The Little Red River and Mammoth Spring are also great any time of the year, even on the coldest days, due to the consistency of the water temperature. Spring yields good rainbow opportunities, while fall is your best bet for the bigger browns. At Little Red, the water is generally too high for wading in the spring so you’ll want to use streamers from the banks.
Little Mo is a favorite in winter and spring – anglers find that the biting is vigorous, making these great times for beginners and those teaching their children to fly fish. The March brown hatch happens from February to May, while light cahills make late summer through October ideal for a dry fly. If you’re going for quantity, February to April yield the most fish, while June to October mean better quality.
In general, about a 5 weight 9-foot rod with a 5X or 6X tippet and 9-foot leader will be your best bet.
For fly patterns you’ll want to keep a large variety on-hand, including caddis, scuds, midges, sow bugs, and wooly buggers. Streamers come in handy in locations where the water’s too deep for wading and at the Little Red River where leeches, sculpins, minnows, and shad are common food. July through September sees terrestrials at the White River. As with all of your fly fishing adventures, you’ll do best to hit up some local shops for area-specific ties.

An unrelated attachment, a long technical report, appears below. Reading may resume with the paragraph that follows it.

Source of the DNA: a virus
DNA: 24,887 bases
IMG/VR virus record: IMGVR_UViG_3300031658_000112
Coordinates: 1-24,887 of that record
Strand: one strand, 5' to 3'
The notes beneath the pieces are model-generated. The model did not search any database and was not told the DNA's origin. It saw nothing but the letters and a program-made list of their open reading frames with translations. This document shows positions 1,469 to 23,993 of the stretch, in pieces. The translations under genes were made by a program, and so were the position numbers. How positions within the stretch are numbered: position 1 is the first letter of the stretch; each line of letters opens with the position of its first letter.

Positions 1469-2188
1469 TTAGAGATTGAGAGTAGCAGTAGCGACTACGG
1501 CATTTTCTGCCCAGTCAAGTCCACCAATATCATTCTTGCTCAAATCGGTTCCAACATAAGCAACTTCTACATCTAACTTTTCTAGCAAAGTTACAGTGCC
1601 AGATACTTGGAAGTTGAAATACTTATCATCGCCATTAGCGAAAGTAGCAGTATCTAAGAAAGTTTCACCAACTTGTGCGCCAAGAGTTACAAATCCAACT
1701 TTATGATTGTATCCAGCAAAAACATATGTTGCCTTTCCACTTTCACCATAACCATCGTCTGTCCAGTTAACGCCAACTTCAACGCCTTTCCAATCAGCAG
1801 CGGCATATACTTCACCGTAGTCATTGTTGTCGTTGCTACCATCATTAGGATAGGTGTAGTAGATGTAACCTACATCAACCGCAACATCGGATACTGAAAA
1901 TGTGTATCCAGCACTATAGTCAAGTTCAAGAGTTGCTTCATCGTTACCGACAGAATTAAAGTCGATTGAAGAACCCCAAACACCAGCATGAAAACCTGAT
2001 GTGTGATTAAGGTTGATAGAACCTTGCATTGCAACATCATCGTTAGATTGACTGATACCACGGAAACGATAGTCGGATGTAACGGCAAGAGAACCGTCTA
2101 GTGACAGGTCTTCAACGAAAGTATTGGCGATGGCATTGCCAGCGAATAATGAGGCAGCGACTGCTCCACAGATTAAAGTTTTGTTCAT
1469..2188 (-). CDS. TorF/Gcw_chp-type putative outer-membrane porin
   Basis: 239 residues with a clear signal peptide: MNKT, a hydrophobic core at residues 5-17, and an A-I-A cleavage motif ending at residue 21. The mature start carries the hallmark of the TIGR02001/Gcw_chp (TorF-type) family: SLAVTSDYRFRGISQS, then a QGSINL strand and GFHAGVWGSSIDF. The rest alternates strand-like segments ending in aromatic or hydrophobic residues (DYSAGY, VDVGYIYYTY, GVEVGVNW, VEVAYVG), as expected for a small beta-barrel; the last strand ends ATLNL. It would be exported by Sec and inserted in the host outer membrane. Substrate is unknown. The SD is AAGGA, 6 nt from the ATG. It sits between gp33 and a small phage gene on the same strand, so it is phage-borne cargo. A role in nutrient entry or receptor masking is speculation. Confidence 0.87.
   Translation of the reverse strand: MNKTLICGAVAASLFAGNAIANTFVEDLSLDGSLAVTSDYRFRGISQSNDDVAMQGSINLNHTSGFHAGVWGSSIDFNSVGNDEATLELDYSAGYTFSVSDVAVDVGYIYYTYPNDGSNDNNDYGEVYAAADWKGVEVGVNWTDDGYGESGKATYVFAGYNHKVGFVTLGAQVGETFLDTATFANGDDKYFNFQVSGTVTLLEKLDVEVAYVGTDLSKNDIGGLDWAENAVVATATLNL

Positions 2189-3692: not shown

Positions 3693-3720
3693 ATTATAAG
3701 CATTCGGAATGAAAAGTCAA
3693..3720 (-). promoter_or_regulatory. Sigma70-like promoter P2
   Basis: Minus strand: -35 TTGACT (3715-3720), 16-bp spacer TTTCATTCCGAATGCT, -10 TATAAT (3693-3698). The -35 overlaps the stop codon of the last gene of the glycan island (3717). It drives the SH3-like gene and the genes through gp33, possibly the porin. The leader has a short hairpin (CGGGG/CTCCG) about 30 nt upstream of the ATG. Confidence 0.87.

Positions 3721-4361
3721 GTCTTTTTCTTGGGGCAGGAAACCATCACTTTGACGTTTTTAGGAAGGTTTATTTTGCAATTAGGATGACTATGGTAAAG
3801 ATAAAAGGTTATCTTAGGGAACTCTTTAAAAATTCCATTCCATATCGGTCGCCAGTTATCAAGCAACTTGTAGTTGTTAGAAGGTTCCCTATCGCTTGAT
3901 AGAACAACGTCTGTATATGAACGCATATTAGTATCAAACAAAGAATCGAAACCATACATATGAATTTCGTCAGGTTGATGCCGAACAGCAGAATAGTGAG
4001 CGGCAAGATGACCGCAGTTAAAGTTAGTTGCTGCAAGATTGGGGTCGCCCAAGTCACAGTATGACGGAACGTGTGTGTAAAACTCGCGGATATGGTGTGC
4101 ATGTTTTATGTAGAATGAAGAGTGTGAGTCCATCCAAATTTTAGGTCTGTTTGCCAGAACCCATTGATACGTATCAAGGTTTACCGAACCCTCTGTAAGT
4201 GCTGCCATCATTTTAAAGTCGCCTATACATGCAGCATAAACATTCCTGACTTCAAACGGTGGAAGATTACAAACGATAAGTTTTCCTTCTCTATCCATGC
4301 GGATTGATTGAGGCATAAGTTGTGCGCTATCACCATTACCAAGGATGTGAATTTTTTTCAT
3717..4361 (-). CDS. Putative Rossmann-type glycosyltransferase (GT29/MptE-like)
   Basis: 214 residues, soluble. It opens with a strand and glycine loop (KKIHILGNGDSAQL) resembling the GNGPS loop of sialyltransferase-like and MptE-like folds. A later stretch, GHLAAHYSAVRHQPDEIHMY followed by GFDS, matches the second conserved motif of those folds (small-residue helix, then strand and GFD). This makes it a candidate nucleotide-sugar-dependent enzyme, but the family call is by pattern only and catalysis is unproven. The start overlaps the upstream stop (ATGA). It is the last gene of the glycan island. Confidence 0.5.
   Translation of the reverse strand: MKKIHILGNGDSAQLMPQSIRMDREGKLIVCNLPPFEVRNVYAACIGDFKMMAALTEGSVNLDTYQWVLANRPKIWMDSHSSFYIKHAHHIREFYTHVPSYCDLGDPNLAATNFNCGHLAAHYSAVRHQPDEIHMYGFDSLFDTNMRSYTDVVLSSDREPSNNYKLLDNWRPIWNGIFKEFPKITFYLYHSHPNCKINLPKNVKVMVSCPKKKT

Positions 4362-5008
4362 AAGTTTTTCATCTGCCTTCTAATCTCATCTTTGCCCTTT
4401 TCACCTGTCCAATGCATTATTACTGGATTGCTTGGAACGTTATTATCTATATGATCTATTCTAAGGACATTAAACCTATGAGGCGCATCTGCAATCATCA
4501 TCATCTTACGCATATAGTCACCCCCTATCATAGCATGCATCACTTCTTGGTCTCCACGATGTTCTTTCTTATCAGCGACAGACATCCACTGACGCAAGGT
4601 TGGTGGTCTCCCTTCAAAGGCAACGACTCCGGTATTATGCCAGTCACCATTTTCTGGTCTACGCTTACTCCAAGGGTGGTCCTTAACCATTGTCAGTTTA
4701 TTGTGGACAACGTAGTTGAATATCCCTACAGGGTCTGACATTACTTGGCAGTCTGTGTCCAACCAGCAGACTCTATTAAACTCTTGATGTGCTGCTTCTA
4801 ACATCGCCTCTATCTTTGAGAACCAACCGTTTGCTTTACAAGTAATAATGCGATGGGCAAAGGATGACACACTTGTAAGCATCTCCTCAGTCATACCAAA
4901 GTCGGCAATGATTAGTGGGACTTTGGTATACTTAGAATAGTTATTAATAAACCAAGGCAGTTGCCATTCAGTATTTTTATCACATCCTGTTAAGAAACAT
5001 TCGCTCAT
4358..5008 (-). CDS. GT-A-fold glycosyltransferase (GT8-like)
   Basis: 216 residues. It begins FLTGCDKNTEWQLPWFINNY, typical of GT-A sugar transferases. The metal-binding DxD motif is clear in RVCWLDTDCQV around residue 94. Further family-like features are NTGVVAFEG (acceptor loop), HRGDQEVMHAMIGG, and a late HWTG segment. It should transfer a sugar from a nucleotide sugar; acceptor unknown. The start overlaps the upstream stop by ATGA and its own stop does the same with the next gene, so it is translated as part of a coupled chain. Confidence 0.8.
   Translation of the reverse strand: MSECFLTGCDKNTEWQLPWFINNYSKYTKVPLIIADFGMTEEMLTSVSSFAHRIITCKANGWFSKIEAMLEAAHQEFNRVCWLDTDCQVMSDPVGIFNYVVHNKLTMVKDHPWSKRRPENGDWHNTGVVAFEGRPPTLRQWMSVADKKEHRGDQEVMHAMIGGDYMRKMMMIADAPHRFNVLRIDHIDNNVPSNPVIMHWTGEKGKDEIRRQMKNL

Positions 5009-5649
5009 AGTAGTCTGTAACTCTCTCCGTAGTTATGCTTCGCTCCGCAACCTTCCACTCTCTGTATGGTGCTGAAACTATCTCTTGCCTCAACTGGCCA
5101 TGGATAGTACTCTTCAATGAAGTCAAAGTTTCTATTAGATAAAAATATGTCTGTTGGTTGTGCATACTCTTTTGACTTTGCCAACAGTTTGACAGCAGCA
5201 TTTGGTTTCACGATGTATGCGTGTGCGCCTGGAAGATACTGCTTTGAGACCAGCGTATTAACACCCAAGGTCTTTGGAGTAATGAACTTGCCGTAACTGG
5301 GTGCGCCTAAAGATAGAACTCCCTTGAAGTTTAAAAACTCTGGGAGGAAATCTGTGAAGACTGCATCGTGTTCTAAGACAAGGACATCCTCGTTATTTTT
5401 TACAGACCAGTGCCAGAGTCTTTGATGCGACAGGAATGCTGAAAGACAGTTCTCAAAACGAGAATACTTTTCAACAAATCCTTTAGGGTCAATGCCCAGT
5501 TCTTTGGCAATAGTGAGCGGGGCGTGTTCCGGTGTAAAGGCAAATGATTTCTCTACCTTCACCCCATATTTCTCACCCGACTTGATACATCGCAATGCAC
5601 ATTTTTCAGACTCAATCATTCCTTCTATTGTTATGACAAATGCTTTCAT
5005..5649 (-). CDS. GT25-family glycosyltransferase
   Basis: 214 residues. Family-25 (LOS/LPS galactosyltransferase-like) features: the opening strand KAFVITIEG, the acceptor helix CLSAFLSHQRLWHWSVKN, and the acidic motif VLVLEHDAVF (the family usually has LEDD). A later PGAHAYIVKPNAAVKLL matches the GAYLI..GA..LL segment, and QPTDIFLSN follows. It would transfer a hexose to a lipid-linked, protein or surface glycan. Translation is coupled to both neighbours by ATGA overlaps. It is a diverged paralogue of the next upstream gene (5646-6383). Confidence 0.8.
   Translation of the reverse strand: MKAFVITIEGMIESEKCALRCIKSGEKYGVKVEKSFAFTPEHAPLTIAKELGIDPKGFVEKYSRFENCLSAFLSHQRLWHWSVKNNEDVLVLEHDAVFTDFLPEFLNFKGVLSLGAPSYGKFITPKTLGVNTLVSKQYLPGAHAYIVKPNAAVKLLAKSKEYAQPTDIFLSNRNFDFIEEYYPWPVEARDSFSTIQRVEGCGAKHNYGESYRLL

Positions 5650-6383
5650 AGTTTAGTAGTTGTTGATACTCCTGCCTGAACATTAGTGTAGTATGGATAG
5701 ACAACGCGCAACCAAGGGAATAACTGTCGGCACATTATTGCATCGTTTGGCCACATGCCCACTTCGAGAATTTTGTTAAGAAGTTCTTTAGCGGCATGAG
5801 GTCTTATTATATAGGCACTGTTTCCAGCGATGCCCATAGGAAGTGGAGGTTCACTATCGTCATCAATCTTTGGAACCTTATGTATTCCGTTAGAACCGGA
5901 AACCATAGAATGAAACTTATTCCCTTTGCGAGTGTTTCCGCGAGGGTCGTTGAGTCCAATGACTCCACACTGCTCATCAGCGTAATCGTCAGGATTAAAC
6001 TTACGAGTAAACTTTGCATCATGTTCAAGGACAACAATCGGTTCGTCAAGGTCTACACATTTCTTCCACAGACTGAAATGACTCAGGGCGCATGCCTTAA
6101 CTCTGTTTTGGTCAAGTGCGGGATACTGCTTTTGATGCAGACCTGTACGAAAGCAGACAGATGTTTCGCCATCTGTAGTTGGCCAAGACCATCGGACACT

Anglers 16 and older must carry an Arkansas fishing license, except when fishing in a licensed put-and-take pay lake. These may be obtained from the AGFC for $10.50 if you’re a resident and $50 for non-residents. You must also have a trout license for certain waters, so check the rules and regulations to be sure you’re adhering to the law.
There’s no doubt this state has a bevy of choices for fly fishermen to pick from, and not only are the trout and other species plentiful, but the scenic areas surrounding the rivers, streams, and mountains make for a visually stunning experience. Arkansas may not be the first destination vacationers think of but it’s the perfect getaway for those seeking a beautiful environment in which to cast their line.